At Mines Saint-Étienne, researchers Olivier Boissier, Maxime Lefrançois and Antoine Zimmermann are using AI to tackle the issue of interoperability, which is essential to the industry of the future. The standardization of information in the form of knowledge graphs has allowed them to enable communication between machines that speak different languages. They then operate this system via a network of autonomous distributed agents on each machine to automate a production line.
Taking a train from France to Spain without interoperability means having to get off at the border since the rails are not the same in both countries. A train that hopes to cross over from one rail line to another is sure to derail. The same problem is posed on factory floors – which is why the interoperability of production lines is a key issue for the industry of the future. In an interoperable system, machines can communicate with one another in order to work together automatically, even if they don’t speak the same language. But this is not easy to implement. Factory floors are marked by a kind of cacophony of computer languages. And every machine has its own properties: a multitude of manufacturers, different applications, diverse ways of sending, measuring and collecting information etc. Such heterogeneity reduces the flexibility of production lines. During the Covid-19 crisis, for example, many companies had to reconfigure all of their machines by hand to set up new production operations, such as manufacturing masks. “As of now, on factory floors everything is coded according to an ideal world. Systems are incapable of adapting to change,” says Maxime Lefrançois, a specialist in web semantics. Interoperability also goes hand in hand with competition. Without it, ensuring that a factory runs smoothly would require investing in a single brand of equipment to be certain the various parts are compatible.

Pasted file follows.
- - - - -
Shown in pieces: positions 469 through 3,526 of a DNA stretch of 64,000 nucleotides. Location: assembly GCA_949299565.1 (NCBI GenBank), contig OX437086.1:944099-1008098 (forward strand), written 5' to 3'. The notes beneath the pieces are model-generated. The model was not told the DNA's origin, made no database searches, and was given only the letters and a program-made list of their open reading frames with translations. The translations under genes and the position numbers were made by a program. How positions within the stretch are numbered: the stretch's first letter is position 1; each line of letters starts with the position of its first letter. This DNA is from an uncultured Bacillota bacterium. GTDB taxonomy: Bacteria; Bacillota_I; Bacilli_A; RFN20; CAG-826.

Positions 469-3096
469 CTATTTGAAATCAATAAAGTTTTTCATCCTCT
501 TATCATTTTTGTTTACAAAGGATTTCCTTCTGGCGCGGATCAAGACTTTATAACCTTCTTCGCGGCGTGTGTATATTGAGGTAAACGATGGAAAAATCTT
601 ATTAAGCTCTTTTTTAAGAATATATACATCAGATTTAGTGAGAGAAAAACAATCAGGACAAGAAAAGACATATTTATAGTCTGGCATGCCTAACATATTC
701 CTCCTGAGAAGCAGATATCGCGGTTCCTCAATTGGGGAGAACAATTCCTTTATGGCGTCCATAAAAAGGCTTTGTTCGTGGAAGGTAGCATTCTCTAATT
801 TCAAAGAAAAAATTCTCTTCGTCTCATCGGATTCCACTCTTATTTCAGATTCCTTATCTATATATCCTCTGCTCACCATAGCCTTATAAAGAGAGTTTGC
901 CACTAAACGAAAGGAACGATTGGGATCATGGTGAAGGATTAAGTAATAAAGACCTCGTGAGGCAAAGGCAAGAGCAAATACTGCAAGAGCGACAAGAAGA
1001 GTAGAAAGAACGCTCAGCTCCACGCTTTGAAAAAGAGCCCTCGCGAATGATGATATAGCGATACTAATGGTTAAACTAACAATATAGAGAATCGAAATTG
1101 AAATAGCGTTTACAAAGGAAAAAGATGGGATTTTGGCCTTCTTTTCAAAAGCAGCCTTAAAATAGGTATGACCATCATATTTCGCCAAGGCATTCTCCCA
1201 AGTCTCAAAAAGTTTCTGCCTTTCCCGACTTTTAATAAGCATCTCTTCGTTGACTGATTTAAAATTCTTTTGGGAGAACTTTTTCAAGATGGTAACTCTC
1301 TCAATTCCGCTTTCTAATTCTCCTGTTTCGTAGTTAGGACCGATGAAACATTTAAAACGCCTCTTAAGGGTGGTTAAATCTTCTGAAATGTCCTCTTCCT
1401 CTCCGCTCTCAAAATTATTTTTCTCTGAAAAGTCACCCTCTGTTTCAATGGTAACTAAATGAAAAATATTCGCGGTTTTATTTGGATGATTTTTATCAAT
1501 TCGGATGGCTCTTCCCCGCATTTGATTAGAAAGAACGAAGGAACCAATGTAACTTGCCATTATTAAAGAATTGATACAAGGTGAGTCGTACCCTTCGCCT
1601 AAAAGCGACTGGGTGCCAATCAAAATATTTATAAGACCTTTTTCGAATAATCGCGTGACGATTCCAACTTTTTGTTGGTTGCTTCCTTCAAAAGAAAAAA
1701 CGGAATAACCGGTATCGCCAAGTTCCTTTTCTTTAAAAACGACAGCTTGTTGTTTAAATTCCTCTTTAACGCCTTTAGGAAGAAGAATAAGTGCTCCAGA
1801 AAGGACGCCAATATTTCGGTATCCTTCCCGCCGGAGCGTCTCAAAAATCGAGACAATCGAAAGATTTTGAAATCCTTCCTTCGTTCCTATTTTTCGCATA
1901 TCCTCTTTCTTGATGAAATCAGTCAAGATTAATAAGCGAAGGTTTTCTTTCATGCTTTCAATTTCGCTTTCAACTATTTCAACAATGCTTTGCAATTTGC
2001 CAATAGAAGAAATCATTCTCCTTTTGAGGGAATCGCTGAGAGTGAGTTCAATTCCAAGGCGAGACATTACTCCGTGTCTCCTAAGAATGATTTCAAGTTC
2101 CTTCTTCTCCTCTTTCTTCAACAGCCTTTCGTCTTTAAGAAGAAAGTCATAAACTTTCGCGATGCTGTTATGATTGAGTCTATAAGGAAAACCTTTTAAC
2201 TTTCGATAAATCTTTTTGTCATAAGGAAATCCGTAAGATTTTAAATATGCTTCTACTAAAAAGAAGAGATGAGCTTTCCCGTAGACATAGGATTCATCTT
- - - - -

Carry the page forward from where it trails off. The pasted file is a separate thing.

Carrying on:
There is no single method for making a system interoperable. Along with his colleagues at Mines Saint-Étienne, the researcher is addressing the issue of interoperability using an approach based on representing data about the machines (manufacturer, connection method, application, physical environment etc.) in a standardized way, meaning independent of the language inherent to a machine. This knowledge is then used by what is known as a multi-agent software system. The goal is to automate a production process based on the description of each machine.